French prosecutor finds evidence that Lagarde 'obstructed law' in Tapie case

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Senior civil servants facing charges

If the CJR's Petitions Commission follows Nadal's advice, the case will be sent to the court's investigative commission. This can decide that there is no case to answer, or inversely decide to send Lagarde for trial before a panel of judges - a process that is normally a lengthy one.

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Mediapart has also learnt that Jean-François Bénard, the public prosecutor for the Court of Accounts, the national audit office, officially notified the Budget and Finance Disciplinary Court, the CDBF, on May 25th of suspected malpractice in the Tapie case concerning two senior civil servants. These are Jean-François Rocchi, the former chairman of the CDR, and Bernard Scemama the former head of the Public Establishment for Financing and Restructuring, the EPFR, an establishment whose role is to supervise the CDR.

Bénard notified the CDBF of suspected illegal acts and irregularities committed by the Rocchi and Scemama in the Tapie arbitration procedure, and the cases were immediately transferred to Gérard Palisse, president of the CJR Petitions Commission.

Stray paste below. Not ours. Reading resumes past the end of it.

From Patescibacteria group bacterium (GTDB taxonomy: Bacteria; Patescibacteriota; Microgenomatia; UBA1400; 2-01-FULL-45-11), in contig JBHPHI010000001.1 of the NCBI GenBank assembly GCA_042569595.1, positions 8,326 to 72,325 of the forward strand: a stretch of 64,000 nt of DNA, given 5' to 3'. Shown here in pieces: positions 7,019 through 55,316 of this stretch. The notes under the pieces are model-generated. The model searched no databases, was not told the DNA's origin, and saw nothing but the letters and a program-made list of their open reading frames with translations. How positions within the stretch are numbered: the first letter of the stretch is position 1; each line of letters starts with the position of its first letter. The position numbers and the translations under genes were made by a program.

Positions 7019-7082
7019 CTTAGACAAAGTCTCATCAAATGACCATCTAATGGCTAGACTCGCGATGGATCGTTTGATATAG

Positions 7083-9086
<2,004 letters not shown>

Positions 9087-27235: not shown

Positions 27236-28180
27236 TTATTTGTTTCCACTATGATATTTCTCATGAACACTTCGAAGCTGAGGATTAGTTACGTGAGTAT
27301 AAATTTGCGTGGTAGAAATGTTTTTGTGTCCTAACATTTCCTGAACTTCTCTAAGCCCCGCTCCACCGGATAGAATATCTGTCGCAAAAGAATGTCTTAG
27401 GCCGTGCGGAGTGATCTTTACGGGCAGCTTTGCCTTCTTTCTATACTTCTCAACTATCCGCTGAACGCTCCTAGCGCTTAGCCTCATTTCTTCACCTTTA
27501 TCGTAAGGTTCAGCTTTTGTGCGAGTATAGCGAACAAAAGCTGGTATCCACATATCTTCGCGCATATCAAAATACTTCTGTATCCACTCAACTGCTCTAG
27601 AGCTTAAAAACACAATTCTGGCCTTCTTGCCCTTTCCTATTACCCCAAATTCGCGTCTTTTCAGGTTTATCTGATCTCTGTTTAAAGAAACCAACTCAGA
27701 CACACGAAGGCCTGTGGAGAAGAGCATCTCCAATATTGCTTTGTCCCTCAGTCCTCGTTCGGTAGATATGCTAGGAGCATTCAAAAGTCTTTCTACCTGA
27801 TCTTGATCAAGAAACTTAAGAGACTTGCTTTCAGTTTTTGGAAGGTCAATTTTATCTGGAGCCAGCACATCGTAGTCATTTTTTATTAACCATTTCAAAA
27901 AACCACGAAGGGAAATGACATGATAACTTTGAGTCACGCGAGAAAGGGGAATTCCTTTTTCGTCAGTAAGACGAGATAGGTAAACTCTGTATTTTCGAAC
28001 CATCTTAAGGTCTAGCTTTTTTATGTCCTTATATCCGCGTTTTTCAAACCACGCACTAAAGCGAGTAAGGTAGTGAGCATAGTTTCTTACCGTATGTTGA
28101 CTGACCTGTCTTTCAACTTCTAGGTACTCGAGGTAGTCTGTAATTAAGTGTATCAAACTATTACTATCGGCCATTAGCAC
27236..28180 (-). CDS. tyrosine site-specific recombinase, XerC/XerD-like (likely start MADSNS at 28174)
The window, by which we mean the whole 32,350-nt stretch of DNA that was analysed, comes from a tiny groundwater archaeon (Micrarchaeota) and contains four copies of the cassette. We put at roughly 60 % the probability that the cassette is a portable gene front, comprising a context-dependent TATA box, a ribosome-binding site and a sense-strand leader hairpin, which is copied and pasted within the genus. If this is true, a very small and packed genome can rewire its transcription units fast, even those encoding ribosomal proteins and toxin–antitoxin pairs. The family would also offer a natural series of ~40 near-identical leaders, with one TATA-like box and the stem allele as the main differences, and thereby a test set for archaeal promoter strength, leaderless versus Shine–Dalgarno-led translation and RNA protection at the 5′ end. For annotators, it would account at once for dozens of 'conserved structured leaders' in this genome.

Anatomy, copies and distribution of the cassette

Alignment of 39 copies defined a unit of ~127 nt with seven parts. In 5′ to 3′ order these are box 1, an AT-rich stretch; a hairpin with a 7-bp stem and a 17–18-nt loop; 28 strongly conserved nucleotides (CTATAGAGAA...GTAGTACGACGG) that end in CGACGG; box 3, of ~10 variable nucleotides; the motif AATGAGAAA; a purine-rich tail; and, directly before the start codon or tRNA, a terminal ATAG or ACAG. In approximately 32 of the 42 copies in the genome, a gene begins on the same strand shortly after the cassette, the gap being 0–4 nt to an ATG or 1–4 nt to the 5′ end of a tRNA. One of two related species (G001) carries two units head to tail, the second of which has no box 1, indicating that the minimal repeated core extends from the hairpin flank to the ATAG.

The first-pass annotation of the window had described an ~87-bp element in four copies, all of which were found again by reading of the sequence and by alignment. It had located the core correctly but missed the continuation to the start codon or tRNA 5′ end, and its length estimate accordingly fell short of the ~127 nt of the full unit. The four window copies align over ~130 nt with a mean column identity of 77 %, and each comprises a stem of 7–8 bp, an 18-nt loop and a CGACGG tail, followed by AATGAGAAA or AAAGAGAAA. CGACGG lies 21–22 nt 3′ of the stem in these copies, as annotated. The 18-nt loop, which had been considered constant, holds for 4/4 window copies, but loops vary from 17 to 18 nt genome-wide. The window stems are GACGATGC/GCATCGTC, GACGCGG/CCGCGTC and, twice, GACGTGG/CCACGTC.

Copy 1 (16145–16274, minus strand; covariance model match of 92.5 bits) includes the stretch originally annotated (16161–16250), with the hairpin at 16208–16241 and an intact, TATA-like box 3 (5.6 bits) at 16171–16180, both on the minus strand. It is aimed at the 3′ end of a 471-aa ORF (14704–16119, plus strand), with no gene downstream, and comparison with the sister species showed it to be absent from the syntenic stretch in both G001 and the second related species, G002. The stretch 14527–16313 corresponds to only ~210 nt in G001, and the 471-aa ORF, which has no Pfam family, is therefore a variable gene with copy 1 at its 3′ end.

The CDBF is, by its own official description, "a specialised administrative jurisdiction charged with sanctioning violations related to public finance" created in 1948 "for the purpose of sanctioning management misconduct committed against the central government and various bodies and creating a budget disciplinary court." It has the power to fine the senior civil servants it may find guilty of offences, when they can be held financially to account for the losses they are judged to have caused the state.


English version: Sue Landau and Graham Tearse

(Edited by Graham Tearse)

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